The availability of inexpensive DV cameras, built-in digital editing software, and web-based distribution of movie clips has encouraged many teachers and students to learn to develop their own video for educational projects. It's never been easier to create your own clips, and they can be useful in many subject areas. But to create good-quality video that is viewable and audible is not easy. It takes a bit of planning and attention to get it right. From coaching hundreds of teacher and student videographers over the last decade, I have learned a few things that I want to share with you in this week's article.
Setup is key
Camera (and microphone) placement is crucial. We have learned through many unsatisfactory experiences that you can't just point and shoot and get useful results. The setup is key. Attention must be paid!
No single physical setup will suffice for all situations. The setup must be tailored to the physical nature of the space and the type of situation that you want to document. For instance, to document a teacher working around a table with a small group of students in a peer-editing situation, you would need to set up for a close shot, place an external mike on the table, and know how the teacher plans to carry out the session (so you can capture the relevant sequences).
Without a plan, you lose. Before you begin shooting, both the subject and the camera operator need to have in mind what they want the completed video to look like: Do they want to capture the look in the students' faces? Do we need to see the text on the pages in front of them? The teacher's gestures? How long will the completed clip be?
I can't hear you
Audio is more important than video. More educational videos fail because you can't hear what's happening, than any other cause. For example, if it's a teacher's lesson that you are filming, you must mike the teacher. (To mike someone is to place a microphone on or very near them to pick up the sound of their voice.) Student speech will be inaudible unless you mike them, use a directional mike on the camera, or shoot from less than three feet away.
Steps to follow
My advice to students or teachers planning to create video would be:
You and your students might find the article in this series, Shooting Good Video, to contain additional useful advice on this topic.
- Think through what you want to capture in this session. What are they key ideas or activities that you want to show? When will they happen in the session? What images, and what sounds, are essential to communicating these key ideas? Make sure your actors and camera operator know the answers to these questions.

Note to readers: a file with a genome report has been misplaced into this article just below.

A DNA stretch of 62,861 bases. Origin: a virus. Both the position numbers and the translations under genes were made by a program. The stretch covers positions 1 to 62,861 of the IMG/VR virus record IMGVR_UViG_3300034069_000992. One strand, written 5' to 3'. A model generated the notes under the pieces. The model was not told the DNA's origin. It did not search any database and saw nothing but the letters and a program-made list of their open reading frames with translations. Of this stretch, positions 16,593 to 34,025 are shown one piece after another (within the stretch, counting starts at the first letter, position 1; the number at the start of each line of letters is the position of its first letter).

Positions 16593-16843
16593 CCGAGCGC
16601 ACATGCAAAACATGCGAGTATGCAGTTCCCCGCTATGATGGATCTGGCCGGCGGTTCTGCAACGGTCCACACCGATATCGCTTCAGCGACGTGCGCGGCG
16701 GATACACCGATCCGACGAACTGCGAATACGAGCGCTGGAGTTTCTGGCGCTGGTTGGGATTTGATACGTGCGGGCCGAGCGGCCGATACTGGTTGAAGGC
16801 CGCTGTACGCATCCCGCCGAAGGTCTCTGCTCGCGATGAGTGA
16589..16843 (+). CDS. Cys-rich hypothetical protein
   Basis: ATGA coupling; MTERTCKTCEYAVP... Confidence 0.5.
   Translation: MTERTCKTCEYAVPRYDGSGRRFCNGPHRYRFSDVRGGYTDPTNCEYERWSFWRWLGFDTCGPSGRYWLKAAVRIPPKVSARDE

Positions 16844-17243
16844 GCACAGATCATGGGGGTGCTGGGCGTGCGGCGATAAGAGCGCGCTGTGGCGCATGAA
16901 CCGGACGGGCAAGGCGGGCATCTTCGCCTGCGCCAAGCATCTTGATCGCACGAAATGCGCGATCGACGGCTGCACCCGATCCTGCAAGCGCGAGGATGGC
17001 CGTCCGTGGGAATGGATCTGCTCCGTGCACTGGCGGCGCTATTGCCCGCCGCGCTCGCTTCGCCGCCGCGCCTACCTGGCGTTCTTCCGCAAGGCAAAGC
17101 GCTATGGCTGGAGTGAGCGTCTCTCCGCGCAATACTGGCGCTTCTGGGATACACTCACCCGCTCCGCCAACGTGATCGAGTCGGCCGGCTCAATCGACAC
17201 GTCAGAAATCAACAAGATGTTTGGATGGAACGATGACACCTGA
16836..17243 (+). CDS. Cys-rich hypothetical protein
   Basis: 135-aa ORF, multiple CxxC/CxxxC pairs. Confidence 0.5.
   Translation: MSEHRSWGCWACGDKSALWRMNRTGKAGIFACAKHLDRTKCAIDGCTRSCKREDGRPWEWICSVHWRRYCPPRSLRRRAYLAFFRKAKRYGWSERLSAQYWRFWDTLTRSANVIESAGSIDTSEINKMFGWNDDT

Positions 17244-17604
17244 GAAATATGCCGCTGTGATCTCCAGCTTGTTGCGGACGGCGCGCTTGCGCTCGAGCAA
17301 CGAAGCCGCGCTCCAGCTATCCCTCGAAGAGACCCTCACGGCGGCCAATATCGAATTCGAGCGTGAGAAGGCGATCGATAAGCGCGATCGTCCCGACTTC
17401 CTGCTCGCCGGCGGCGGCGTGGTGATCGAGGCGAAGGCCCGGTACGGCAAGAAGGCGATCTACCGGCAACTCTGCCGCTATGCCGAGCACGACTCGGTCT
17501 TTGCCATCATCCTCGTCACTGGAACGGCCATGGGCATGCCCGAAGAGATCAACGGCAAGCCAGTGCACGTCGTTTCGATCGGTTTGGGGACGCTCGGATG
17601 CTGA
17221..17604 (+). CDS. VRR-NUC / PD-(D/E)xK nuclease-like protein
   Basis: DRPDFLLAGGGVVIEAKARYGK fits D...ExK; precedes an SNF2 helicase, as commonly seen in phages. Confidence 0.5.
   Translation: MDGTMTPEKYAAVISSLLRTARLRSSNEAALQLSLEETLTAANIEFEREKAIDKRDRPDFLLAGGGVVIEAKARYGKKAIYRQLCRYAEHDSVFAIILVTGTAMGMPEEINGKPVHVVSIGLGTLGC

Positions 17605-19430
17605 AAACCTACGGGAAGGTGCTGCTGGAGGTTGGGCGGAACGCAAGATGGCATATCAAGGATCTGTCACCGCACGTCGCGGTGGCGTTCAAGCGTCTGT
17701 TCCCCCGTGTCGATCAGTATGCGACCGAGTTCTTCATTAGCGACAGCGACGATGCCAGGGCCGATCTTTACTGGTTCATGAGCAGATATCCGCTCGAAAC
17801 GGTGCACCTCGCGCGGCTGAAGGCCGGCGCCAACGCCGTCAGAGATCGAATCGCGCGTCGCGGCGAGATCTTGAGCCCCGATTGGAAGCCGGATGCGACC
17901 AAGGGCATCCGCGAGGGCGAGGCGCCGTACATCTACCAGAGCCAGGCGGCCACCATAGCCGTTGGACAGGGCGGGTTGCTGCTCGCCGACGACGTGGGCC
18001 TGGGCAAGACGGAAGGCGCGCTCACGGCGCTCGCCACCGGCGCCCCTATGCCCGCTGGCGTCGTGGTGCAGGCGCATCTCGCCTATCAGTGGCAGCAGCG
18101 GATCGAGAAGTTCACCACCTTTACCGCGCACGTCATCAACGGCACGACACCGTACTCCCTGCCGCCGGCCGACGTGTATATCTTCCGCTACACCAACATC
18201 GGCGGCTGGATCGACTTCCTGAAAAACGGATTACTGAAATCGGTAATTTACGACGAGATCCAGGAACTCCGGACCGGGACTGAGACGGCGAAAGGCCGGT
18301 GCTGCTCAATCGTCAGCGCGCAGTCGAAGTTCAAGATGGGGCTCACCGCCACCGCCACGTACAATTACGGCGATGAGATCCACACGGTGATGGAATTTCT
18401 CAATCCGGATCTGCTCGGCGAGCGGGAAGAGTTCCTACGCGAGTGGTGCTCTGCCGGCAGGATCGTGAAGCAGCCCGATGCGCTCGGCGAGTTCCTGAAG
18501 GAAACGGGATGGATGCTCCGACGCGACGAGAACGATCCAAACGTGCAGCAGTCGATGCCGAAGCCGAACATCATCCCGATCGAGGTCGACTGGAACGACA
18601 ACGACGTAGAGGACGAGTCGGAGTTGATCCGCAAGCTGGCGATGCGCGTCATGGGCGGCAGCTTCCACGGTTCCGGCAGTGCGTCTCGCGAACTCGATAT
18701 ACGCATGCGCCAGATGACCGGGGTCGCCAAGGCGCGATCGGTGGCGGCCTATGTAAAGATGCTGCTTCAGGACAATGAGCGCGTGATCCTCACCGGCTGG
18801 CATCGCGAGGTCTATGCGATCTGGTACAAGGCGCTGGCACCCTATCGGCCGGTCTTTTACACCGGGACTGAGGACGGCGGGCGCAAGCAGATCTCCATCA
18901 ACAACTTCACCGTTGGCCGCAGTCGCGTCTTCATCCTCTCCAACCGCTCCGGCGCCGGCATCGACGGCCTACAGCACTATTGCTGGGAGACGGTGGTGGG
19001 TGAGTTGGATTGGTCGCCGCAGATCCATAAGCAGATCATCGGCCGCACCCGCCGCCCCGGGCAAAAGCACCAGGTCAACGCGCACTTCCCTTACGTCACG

- Make a storyboard of what you'd like the final video to look like. ("First a wide shot of the students entering the room, 5 seconds. Then a close up of the teacher greeting one or two students and answering their private questions (close audio), 10 seconds. Then cut to a wide shot of the teacher introducing the lesson to the whole group (close audio), 15 seconds. Next a clip (with voice-over to be added later) showing students forming into small groups (10 seconds). Then two small groups of students at work, close video, close audio, capturing visual expression and voice, 20 seconds each. Close with a wide shot of final discussion with the entire class, with B-roll of close-ups of five students and three different teacher shots, 20 seconds.")
- Plan the setup with 1 and 2 in mind. This will in most cases call for the cameraperson to carry an outline of the script, to move around the room to get the best angle, and to re-place the microphones as necessary.
- Learn about light. Shoot so that your subjects are lit from the front. Never, never shoot into the classroom windows. Shoot with the light behind you.
- Close in. Most student and teacher videos are shot much too wide to be useful or interesting. Pretend you are following a reporter on 60 Minutes, trying to capture the beads of sweat on the subject's forehead.